However, TLC is a horse of slightly different color in this case. Capacities usually go in powers of two (2, 4, 8, 16 and so on) and 48 is not a power of two. To get a number that is a power of two, the original NAND array is chopped down. In our example, the array must be 10.67Gb in order to be 32Gb with three bits per cell, but since that is the same capacity as an MLC die, what is the benefit? You don't get more storage per die, but the actual die is smaller because the original 16Gb array has been reduced to a 10.7Gb array. That means more dies per wafer and hence lower cost.

Comparison of NAND Wholesale Prices
Price per GB $3.00 $0.90


Prices provided by OCZ

The theoretical price advantage of TLC isn't as great as SLC versus MLC, but it's still significant. In percentage, that is over a 30% reduction. The main reason is that MLC provides twice the capacity when compared to SLC (2bits per cell versus 1bit per cell), whereas TLC provides only 50% more than MLC (3bits per cell versus 2bits per cell). In fact, the price difference between MLC and TLC is directly proportional. TLC die is 33% smaller than a similar MLC die and in the prices provided by OCZ, TLC is also 33% cheaper than MLC. In theory, SLC should follow this equation as well and be priced at $1.80/GB, but there's limited 2Xnm SLC out in the wild, making SLC significantly more expensive than MLC and TLC at this point.

The reality of the matter is a little less clear. TLC NAND today isn't all that much cheaper than MLC NAND, which has contributed to its relative absence in the consumer SSD space. There's also a lack of controller support and market interest, which contribute to the higher prices of course. 

Weaknesses of TLC: One Step Worse than MLC
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  • Kristian Vättö - Friday, February 24, 2012 - link

    There is HET-MLC (or usually known as eMLC) which is MLC NAND aimed for enterprises. It stores two bits per cell like normal MLC but its P/E cycle rate is much higher (IIRC something like 50,000). Unfortunately I don't know how it really differs from regular MLC but it's a lot more expensive than regular MLC.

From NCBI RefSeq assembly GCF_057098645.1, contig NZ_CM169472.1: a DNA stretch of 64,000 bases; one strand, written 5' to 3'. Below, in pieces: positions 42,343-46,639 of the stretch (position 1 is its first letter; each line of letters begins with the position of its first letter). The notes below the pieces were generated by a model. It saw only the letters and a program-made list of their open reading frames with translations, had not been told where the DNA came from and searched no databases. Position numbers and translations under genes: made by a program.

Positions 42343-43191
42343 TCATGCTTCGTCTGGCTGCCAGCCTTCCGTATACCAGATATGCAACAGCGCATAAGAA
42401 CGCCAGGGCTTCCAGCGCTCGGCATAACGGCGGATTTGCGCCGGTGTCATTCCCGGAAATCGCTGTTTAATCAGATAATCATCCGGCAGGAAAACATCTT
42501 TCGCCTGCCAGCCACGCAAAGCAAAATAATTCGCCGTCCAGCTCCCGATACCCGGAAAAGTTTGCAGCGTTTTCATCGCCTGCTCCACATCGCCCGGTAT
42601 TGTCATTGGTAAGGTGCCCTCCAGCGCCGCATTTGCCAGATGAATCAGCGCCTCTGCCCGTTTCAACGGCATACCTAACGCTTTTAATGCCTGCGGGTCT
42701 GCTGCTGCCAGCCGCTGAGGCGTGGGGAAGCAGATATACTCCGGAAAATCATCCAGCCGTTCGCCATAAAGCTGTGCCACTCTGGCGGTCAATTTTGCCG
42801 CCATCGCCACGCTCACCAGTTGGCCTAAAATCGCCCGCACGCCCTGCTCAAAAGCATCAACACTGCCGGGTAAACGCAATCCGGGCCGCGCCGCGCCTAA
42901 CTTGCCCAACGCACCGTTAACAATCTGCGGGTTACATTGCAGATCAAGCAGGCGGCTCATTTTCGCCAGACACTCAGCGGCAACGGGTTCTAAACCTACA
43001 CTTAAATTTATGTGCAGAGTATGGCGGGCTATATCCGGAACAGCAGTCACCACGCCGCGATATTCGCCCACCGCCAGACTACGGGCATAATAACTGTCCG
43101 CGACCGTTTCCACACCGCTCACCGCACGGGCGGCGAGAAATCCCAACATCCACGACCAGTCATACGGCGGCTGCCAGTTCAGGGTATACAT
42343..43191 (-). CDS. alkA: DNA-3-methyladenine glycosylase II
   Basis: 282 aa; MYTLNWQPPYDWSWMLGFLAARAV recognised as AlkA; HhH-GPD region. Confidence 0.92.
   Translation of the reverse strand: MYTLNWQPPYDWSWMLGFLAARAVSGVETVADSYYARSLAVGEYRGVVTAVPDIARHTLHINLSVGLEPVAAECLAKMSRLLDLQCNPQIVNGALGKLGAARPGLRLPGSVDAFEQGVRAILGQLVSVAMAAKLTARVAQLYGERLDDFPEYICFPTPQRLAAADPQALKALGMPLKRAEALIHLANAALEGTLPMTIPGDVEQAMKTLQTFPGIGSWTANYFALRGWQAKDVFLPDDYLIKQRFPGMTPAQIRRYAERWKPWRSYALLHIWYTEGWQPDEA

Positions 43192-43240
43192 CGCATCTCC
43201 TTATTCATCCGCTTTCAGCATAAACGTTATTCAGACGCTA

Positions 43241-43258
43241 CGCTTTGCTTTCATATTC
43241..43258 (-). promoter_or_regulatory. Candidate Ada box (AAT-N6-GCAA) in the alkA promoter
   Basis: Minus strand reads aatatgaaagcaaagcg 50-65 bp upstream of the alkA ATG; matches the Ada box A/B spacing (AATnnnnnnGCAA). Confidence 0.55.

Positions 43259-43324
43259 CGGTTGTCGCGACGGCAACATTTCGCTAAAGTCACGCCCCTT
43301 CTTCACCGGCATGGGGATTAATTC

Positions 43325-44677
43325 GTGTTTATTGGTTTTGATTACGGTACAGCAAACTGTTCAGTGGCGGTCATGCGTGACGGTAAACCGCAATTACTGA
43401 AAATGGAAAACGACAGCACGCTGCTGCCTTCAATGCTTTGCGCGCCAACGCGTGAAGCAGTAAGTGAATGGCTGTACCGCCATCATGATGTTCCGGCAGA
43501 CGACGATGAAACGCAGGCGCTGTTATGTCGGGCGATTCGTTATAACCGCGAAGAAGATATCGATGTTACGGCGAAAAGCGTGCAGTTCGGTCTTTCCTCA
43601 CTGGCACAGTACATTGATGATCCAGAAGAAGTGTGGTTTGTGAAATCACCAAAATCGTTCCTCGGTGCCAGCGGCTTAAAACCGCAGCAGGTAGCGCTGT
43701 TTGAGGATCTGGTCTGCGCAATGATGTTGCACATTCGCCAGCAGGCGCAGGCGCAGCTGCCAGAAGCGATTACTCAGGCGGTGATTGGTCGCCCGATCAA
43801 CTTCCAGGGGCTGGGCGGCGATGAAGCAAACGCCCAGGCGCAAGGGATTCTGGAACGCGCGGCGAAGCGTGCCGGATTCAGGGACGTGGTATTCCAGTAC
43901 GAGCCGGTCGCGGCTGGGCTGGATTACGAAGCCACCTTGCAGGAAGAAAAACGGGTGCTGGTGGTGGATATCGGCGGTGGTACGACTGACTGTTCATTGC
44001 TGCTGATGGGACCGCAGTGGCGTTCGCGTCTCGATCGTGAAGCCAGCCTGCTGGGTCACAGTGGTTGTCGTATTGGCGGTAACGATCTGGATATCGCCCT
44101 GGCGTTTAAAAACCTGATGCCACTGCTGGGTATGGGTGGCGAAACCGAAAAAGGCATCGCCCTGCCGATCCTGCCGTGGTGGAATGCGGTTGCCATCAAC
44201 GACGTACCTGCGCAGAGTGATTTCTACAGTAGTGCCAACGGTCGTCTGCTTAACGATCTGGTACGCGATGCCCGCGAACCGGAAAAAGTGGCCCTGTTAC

SLC, MLC and TLC simply refer to the amount of bits per cell, there is no 1-bit-per-cell MLC as MLC alone means multi-level-cell, and one isn't multi ;-)
  • ckryan - Friday, February 24, 2012 - link

    I wasn't aware that this was going on until I read the UCSD paper "the Bleak Future of NAND Flash Memory. Somehow, you can use MLC to store just one bit, and it gets similar, but not identical, performance to SLC.


    This was the study that was said to cast doubt on the ability to scale NAND effectively past 2024.

    They tested this particular MLC-1 setup. Even if you discard half the capacity of MLC, it's still cheaper than SLC bit for bit.

    HET-MLC and eMLC really are just highly binned MLC NAND. Toshiba gives it's eMLC 10kPE cycles. But enterprise drives only have to retain data for 3 months at MWI=0, so some of this extra endurance comes from that.
  • Kristian Vättö - Friday, February 24, 2012 - link

    Ooh, interesting, thanks for the link! I was sure that you had mixed up eMLC and MLC because MLC-1 doesn't make much sense, at least not without further explanation.